- a very large portion of the pump price of gasoline is made up of taxes; contrarily to most taxes, these are not proportional to the underlying price, but are a fixed amount.
- most oil trading is made in US Dollars, while we in Europe pay gasoline in Euro.
I have therefore attempted to look at this issue removing the effect of (italian) taxes and of the X-rate. The result is in this chart:
Essentially I have taken the price of Oil (blue=USD, red=EUR) and plotted it against the pump price (green=EUR), taking 01 Jul 2014 as 100%; the dotted black line is the ratio between the green and red lines: when it goes beyond 100% it means gas distributors are making more money than in July, 2014.
As you can see, if we take the dollar price as the “real” price (since trading is in dollars) you can clearly see a 15 basis point x-rate wedge starting to creep in since January, 2015 between the red and blue lines and while the cartel sometimes is effective in smoothing out dips (like in mid-march ’15) there are also instances of overreaction (e.g. january). In general the more prices are stable, the more competition will bring gas prices closer to oil prices.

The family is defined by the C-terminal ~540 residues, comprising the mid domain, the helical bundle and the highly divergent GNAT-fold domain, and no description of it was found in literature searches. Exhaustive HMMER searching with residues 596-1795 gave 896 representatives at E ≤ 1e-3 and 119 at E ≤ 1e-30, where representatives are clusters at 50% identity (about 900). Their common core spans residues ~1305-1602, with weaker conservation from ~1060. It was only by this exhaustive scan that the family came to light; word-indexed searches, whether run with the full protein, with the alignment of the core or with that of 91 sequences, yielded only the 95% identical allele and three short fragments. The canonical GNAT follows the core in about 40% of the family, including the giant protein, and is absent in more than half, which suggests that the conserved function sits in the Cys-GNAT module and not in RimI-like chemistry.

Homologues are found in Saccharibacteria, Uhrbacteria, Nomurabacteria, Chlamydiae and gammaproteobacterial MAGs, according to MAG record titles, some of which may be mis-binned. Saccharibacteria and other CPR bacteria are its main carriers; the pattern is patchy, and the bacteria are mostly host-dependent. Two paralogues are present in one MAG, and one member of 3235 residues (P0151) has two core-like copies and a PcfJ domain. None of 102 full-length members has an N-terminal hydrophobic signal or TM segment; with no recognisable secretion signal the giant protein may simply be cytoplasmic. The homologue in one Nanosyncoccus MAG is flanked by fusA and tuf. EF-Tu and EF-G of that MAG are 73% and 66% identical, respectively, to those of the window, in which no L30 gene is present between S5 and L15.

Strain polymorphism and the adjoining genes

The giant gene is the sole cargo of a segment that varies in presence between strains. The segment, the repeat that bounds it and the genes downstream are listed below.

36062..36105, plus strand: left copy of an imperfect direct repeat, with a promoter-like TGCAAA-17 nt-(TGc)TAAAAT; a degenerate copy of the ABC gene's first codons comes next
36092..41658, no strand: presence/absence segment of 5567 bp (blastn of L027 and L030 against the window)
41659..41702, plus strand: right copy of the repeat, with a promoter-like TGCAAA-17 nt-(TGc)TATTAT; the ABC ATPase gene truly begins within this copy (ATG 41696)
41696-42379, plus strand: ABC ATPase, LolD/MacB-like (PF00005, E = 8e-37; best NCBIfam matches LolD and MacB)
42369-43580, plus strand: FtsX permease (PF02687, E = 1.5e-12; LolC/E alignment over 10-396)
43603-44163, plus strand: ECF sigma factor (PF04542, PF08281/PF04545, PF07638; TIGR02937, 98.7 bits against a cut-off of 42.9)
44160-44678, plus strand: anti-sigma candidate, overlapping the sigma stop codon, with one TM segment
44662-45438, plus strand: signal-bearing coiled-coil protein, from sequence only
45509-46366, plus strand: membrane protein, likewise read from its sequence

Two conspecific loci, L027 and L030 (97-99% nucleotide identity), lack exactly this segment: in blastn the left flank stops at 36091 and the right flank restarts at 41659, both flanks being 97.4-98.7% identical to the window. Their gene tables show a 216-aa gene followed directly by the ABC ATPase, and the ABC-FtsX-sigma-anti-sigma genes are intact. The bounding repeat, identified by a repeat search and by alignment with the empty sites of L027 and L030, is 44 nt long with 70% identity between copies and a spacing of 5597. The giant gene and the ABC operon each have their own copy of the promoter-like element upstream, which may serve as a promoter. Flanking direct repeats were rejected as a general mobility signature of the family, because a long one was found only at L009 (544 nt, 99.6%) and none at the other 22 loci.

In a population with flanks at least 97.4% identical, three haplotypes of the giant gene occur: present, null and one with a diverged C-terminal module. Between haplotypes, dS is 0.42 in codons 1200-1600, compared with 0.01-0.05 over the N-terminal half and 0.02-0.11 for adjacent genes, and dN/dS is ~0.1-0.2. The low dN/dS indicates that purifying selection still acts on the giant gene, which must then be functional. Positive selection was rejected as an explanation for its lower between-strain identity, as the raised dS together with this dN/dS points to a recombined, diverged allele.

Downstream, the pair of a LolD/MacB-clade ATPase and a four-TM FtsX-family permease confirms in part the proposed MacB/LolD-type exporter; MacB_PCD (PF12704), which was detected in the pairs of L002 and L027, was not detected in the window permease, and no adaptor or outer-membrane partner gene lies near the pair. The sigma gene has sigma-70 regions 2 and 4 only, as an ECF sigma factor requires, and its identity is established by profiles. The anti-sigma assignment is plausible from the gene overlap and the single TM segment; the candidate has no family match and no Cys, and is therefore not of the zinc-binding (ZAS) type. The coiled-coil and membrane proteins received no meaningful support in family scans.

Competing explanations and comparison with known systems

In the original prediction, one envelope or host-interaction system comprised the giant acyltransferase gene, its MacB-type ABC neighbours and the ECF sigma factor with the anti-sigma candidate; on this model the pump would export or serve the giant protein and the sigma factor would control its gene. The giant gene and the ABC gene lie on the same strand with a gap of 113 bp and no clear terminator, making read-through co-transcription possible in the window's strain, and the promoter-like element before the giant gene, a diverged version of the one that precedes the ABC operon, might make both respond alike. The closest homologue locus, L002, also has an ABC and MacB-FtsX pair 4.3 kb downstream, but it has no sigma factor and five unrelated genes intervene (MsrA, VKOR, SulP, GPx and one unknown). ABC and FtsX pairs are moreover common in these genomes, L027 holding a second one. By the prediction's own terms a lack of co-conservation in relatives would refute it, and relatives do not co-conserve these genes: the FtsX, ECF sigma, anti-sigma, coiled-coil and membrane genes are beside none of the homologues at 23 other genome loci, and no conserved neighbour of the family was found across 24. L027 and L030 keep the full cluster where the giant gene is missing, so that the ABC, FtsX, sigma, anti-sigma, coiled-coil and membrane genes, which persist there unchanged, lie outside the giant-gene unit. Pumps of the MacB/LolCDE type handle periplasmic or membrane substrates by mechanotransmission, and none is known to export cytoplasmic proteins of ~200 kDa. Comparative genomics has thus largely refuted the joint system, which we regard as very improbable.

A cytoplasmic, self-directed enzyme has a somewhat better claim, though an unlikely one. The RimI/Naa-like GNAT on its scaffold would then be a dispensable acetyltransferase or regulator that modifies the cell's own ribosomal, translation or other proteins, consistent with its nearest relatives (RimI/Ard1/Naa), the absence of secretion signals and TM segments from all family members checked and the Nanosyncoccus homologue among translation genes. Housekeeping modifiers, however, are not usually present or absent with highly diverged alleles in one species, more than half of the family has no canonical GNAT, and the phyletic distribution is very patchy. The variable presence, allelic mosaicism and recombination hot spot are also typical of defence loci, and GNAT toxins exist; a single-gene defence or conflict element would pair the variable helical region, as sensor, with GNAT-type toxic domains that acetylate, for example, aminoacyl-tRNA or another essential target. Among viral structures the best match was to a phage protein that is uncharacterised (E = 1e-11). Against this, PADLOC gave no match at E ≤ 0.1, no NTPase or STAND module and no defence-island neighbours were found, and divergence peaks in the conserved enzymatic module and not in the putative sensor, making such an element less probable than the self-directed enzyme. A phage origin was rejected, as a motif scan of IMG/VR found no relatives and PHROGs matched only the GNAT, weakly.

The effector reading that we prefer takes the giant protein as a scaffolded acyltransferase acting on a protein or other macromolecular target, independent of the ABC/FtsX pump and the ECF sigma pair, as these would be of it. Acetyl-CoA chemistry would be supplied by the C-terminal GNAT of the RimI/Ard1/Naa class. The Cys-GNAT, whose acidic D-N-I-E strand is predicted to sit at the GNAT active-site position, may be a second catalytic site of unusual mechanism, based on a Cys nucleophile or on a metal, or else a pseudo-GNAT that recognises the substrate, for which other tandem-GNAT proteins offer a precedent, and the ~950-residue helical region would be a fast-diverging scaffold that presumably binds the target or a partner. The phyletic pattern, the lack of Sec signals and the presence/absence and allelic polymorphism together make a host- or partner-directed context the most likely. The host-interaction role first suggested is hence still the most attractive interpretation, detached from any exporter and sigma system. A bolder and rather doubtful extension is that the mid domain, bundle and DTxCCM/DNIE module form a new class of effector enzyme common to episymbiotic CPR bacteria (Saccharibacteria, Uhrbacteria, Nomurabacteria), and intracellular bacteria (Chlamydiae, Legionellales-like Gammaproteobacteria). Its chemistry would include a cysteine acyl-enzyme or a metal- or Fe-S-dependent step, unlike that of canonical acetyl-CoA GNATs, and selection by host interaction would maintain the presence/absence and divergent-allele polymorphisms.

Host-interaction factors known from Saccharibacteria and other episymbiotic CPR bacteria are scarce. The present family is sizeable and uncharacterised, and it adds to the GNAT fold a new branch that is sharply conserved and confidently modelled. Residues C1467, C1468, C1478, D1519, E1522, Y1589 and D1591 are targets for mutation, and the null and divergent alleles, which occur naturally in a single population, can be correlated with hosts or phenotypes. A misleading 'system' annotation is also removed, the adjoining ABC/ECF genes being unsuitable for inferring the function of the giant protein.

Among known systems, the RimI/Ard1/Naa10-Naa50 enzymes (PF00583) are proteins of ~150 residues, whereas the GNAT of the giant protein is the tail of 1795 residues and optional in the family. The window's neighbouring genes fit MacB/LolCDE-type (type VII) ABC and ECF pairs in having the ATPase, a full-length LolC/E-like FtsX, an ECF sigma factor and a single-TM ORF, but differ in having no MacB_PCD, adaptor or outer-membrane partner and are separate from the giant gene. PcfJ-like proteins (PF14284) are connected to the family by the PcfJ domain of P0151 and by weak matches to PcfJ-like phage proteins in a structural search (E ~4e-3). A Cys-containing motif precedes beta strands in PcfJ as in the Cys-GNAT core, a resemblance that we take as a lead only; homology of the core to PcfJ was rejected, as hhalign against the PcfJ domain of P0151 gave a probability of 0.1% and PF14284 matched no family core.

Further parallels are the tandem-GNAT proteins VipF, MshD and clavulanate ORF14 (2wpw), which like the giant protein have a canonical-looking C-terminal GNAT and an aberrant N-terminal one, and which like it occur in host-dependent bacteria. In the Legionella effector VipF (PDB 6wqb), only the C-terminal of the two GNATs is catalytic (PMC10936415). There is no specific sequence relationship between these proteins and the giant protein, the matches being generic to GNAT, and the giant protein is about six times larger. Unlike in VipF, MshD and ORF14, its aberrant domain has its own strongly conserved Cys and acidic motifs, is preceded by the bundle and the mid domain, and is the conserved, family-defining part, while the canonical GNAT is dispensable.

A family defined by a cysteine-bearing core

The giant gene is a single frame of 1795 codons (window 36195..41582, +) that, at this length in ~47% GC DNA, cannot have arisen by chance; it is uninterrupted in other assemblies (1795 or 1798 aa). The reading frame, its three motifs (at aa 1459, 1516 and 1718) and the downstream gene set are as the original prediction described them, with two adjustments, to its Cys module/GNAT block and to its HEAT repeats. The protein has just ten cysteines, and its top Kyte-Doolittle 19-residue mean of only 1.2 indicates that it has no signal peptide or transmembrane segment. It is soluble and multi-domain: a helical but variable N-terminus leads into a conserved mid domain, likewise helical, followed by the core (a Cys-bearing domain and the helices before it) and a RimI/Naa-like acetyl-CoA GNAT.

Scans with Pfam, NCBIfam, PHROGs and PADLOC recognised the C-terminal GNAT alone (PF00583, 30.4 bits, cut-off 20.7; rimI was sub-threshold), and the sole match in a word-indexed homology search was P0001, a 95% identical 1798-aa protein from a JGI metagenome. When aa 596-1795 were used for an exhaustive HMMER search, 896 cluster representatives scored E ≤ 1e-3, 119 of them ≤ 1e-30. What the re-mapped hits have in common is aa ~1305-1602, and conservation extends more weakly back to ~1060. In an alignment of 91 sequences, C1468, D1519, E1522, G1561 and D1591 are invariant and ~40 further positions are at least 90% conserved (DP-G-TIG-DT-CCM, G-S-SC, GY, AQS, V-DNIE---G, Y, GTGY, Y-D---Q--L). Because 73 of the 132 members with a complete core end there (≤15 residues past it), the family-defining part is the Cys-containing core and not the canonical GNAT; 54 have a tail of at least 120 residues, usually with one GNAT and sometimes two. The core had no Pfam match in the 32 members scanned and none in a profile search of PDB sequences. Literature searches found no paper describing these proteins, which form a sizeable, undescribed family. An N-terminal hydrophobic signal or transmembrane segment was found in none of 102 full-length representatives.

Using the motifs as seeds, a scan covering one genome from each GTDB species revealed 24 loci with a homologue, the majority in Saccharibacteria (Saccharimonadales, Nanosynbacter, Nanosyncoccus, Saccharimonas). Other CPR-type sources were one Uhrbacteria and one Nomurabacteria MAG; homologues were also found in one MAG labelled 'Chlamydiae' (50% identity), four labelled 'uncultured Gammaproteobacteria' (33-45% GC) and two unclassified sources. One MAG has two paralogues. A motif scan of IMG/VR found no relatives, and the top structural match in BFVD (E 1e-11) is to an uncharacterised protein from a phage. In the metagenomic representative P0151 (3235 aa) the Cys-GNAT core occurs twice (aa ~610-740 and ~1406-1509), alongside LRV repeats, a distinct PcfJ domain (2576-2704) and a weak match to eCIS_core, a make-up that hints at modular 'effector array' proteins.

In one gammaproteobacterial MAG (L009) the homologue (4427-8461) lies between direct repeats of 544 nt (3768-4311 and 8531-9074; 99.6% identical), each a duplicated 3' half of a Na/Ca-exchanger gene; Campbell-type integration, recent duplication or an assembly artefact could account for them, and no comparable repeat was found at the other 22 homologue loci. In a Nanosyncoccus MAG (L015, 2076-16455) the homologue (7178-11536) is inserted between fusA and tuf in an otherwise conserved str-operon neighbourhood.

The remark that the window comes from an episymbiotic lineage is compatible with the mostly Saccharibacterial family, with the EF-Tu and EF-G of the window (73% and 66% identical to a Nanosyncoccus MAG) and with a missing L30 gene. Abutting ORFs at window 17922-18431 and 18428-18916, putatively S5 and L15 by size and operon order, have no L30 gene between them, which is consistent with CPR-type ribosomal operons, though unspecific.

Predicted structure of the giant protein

According to this chart, there is still a 12-to-16 basis point margin to be eroded, we’ll see how it works out, but in general I don’t think we’re being MASSIVELY ripped off.
*NOTE – the continuous thin lines are mathematical extrapolations because during the summer I fill up in France, where prices are 15% to 20% lower than in Italy